Featured on the PAX 10 at the highly nerd-popular Penny Arcade Expo last month and recently Greenlit on Valve’s Steam service, “Escape Goat 2” is getting the hype its predecessor, “Escape Goat,” never got. Set to come out within the next month or two, it was created by the studio MagicalTimeBean, which is the name of independent developer Ian Stocker’s company. He, along with a few contractors, is based in Berkeley as they’re finishing up the game and readying for its release.
We sat down and talked to Ian Stocker about the upcoming game and working as an independent game developer in the Bay Area.
The Daily Californian: How did you start working in game development?
Ian Stocker: I started in games as a composer, and I spent eight years doing contracts for music and sound for games and did about 40 titles in that time. And in around 2008, I started making my own games because of the economic downturn and projects getting canceled in the audio realm. So I made a game, purely as a hobby, and launched it without any expectations, but it did well enough that I kind of wanted to do a sequel. And then, I just kept taking it more and more seriously. So “Escape Goat 2” is my fourth game, and I’m actually able to do this full time.
DC: What aspects made you go independent, and why did you decide to stay in the Bay Area?
IS: Well, to retain the IP (intellectual property) is pretty cool so that I can build a brand on my own and hopefully, as it gets ported to more platforms and gets more popular, the revenue increases rather than being a contractor where you just get one check of money for your work. So it’s a little bit more like building a business, which is what I’ve always wanted to do.
The Bay Area is one of the hotbeds of indie game development in the world. GDC (Game Developers Conference) is here, and some other conferences are here. It’s close to LA and Seattle for those conferences, and there’s tons of indie developers if you poke around, like I just meet new people every couple of weeks.
DC: How did the concept of “Escape Goat” come about?
IS: “Escape Goat” started as a challenge to make a single-screen puzzle game in one week, and it was going to be a clone of a DOS game called “Jetpack.” But in the midst of cloning it, I decided to add one new feature, which is having blocks that stack on top of each other. Once you have that, you’ve got a completely new challenge, which was making a physics engine. Any time you have anything stacking or pushing, it’s a physics engine.
So I spent the next 10 months working on what became “Escape Goat.” It started out as something very small, and it was not even supposed to be more than a tiny detour away from my other game series. The title came from a Reddit thread on the best misused English phrases, and I always thought that “Escape Goat” was a perfect title for a game, so the whole theme came from the title.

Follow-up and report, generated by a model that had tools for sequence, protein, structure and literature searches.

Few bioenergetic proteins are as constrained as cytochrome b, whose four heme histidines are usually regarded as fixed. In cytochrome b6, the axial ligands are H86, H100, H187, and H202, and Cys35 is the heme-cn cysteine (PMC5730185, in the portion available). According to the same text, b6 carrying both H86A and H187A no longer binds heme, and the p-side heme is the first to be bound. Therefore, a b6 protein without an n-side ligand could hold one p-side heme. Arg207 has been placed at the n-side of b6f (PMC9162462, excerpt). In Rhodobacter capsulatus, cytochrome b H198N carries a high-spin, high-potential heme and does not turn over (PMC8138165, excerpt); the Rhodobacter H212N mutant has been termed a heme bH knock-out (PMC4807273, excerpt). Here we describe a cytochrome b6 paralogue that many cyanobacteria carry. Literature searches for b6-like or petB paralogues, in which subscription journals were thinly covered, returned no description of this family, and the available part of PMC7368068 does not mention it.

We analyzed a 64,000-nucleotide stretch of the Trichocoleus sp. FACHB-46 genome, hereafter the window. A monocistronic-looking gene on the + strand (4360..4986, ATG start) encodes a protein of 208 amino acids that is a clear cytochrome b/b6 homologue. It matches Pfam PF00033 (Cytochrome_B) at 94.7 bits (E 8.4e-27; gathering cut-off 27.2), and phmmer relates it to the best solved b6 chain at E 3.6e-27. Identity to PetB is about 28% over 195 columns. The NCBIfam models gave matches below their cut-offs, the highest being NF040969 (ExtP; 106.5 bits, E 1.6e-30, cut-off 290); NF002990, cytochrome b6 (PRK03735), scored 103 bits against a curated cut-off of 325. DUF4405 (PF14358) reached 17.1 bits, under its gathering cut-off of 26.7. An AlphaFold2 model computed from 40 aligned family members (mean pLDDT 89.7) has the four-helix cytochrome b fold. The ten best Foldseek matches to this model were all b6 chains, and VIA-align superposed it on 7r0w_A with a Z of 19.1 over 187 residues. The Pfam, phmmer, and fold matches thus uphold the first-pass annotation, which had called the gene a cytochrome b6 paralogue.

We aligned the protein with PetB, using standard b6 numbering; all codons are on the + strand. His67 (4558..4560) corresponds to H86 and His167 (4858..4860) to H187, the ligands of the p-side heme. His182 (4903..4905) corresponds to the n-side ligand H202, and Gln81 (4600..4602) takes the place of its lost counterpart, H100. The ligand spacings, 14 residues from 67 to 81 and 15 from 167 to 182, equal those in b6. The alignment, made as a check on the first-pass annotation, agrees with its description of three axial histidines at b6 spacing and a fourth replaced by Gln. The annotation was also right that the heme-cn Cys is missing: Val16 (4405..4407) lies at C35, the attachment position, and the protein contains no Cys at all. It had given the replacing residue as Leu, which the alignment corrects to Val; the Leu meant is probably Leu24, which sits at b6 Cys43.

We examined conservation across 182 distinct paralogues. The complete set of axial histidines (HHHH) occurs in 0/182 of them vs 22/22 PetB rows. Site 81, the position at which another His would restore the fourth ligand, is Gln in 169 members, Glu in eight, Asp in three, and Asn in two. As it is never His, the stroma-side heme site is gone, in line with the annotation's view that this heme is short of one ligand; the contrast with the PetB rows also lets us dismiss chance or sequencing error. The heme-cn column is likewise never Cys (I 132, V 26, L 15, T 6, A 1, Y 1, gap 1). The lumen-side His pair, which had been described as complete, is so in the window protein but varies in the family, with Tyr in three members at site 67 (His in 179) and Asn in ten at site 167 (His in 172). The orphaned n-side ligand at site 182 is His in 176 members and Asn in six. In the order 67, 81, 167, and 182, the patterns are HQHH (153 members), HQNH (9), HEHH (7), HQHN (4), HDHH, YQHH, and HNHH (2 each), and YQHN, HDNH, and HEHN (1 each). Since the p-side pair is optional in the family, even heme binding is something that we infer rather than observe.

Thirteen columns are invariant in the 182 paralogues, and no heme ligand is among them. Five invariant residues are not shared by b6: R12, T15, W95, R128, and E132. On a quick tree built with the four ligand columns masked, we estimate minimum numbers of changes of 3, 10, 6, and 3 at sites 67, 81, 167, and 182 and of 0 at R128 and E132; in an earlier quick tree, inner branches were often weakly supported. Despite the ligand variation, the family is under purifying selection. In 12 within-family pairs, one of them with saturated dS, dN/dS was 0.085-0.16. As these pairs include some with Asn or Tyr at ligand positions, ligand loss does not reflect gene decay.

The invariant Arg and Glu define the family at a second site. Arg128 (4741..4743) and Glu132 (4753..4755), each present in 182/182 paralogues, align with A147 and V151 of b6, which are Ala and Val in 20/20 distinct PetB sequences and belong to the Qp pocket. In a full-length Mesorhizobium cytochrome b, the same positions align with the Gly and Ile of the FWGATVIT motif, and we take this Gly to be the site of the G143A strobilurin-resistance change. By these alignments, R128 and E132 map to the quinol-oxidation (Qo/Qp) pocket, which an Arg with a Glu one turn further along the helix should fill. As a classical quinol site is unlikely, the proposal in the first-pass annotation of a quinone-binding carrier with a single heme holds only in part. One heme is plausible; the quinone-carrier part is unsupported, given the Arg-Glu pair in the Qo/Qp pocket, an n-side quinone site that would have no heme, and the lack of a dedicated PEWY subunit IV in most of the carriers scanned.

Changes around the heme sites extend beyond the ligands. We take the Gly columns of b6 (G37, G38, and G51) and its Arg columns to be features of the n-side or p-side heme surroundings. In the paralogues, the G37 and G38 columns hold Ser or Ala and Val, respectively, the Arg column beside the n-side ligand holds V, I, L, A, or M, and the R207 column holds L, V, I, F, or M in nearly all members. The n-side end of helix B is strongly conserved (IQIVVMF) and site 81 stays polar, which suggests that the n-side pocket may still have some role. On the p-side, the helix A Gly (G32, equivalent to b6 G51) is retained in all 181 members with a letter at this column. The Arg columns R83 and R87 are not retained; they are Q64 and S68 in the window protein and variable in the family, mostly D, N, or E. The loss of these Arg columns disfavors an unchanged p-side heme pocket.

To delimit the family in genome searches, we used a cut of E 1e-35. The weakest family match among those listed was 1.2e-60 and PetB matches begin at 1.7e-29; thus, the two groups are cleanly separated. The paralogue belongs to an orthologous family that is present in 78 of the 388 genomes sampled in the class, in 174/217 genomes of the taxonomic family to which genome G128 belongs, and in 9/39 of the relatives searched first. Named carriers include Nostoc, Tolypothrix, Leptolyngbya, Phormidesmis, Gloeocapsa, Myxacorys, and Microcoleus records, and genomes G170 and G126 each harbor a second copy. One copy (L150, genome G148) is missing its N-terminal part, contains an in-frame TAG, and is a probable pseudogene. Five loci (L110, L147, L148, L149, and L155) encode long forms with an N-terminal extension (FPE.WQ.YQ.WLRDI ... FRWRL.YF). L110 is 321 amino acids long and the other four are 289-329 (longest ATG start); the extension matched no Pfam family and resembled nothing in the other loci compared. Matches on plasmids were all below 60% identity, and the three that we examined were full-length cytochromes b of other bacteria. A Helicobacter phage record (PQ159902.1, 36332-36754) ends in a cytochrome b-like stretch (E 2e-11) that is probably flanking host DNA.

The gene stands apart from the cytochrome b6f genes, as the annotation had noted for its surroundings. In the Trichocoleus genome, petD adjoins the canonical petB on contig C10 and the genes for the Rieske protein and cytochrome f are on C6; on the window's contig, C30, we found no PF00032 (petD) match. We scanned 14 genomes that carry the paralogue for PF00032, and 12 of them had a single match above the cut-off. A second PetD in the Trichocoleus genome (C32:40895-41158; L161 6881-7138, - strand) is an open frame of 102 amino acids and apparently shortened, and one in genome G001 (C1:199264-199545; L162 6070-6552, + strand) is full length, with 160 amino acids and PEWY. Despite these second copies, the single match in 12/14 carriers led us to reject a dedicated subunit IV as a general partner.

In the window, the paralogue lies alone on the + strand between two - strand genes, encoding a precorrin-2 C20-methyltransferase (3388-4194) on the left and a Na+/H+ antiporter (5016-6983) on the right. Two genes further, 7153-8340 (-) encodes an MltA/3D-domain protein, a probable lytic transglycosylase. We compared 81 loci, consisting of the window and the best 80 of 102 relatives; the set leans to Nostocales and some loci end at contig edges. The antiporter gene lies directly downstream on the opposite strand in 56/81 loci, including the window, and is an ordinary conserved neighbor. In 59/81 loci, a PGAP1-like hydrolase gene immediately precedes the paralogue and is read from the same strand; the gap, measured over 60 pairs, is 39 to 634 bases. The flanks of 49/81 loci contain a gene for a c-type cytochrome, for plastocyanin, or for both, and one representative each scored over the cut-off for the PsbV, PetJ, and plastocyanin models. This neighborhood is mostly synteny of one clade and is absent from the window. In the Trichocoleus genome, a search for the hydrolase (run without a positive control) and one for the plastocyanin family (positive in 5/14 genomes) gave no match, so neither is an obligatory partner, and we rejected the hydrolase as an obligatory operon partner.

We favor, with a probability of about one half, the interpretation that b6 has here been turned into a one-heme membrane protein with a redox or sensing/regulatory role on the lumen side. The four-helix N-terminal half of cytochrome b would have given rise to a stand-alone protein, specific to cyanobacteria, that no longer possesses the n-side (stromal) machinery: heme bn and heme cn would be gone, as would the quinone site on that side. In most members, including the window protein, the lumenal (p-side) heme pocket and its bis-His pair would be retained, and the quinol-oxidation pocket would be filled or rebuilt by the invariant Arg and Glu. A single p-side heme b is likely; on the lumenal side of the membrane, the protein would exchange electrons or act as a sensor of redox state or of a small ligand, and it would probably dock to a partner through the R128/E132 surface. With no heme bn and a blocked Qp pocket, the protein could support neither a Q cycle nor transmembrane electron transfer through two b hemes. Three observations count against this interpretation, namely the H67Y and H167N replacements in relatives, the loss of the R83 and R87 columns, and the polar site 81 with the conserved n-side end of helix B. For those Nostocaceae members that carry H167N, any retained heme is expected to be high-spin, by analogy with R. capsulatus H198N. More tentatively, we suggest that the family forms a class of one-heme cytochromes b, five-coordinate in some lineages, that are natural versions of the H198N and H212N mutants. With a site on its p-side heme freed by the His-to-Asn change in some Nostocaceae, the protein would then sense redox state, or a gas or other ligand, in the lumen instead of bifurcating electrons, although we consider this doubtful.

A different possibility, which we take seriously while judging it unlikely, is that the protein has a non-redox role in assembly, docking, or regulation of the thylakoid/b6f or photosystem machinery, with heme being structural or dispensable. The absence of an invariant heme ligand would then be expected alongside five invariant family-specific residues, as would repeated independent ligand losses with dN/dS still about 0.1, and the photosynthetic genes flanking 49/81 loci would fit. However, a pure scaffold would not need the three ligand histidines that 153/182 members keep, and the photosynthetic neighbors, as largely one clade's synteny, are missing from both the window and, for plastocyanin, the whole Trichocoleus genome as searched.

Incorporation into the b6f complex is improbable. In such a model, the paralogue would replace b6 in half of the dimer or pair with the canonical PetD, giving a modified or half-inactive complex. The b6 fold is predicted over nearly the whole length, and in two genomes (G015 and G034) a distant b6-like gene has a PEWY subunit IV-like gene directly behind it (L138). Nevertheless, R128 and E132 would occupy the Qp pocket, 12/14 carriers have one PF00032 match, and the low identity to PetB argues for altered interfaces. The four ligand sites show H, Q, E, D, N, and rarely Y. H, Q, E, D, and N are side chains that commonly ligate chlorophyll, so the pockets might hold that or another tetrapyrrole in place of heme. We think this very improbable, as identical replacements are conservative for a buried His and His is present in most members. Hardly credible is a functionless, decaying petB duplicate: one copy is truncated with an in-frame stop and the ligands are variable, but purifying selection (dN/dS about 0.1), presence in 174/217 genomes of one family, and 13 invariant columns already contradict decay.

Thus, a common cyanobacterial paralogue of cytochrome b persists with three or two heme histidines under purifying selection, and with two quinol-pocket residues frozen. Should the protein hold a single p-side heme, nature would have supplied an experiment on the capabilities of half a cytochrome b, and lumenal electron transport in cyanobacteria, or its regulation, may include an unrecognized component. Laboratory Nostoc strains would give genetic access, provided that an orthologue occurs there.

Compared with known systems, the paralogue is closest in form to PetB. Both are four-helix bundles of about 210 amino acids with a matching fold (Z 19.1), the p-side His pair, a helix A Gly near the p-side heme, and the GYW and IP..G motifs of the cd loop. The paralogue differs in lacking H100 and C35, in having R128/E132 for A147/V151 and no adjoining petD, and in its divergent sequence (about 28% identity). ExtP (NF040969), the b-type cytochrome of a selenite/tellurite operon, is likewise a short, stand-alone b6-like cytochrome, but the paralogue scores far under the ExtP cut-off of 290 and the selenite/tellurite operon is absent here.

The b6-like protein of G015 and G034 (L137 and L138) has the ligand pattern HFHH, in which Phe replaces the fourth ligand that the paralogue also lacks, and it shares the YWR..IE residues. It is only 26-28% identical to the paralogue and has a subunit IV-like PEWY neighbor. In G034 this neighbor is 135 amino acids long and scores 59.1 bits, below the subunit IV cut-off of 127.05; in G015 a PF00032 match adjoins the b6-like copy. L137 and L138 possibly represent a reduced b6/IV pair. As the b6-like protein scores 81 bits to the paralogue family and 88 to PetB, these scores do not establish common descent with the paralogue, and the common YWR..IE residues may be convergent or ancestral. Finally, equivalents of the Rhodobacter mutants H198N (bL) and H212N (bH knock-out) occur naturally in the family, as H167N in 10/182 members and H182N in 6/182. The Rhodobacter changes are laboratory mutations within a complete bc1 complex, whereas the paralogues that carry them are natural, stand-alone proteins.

DC: What made you decide that you wanted to make a sequel?
IS: When I first launched “Escape Goat,” I wasn’t actually that confident in it, because it was a completely new style of game for me, and I wasn’t really sure how well it would be received. But it turned out to be even more popular than my other series, so even though I had intended to go back and work on those games, which is the “Soul Caster” series, I kind of looked from the business perspective that I’ve got some momentum from “Escape Goat” and that maybe I need to keep working on that series and further that brand a little bit more.
DC: What did you add from “Escape Goat” into “Escape Goat 2”?
IS: If you look at them side by side, the difference in graphics is pretty striking, because “Escape Goat” is very 8-bit looking; it had four color sprites and very small titles and was very pixelated. I did all the art for that one myself, and I choose pixel-style because that was something I could do in a reasonable amount of time.
For “Escape Goat 2,” I’m working with an artist, so the graphics are way better than they would be if I were to try to do it on my own again. Plus, we have a new render that has lighting and shadows, so there’s a lot of great visual effects.
In terms of gameplay, it plays pretty much like the first game — I didn’t tamper too much with the gameplay. There are a lot of new gadgets and new abilities for the goat and mouse. There’s also a new layout for the world, where instead of just going linearly from one room to the next, there are branches and secret doors and alternate path to get through.
DC: What are your favorite aspects and least favorite aspects of working in the Bay Area as an independent developer?
IS: My favorite aspect would be connections to other developers, because there are so many around here. My least favorite — rent is high. I’d say California as a whole is not an ideal place to start a new business or to run any business. I would think very carefully before trying to grow and have employees and stuff like that in California. But so far as a one-person operation, it’s fine.
DC: What are your plans for the future, in terms of the studio?
IS: I’m probably going to stay technically as a solo developer for the foreseeable future, and when I work on projects it will be like a strategic partnership.
DC: Are goats your favorite animal?
IS: Right now, yeah probably.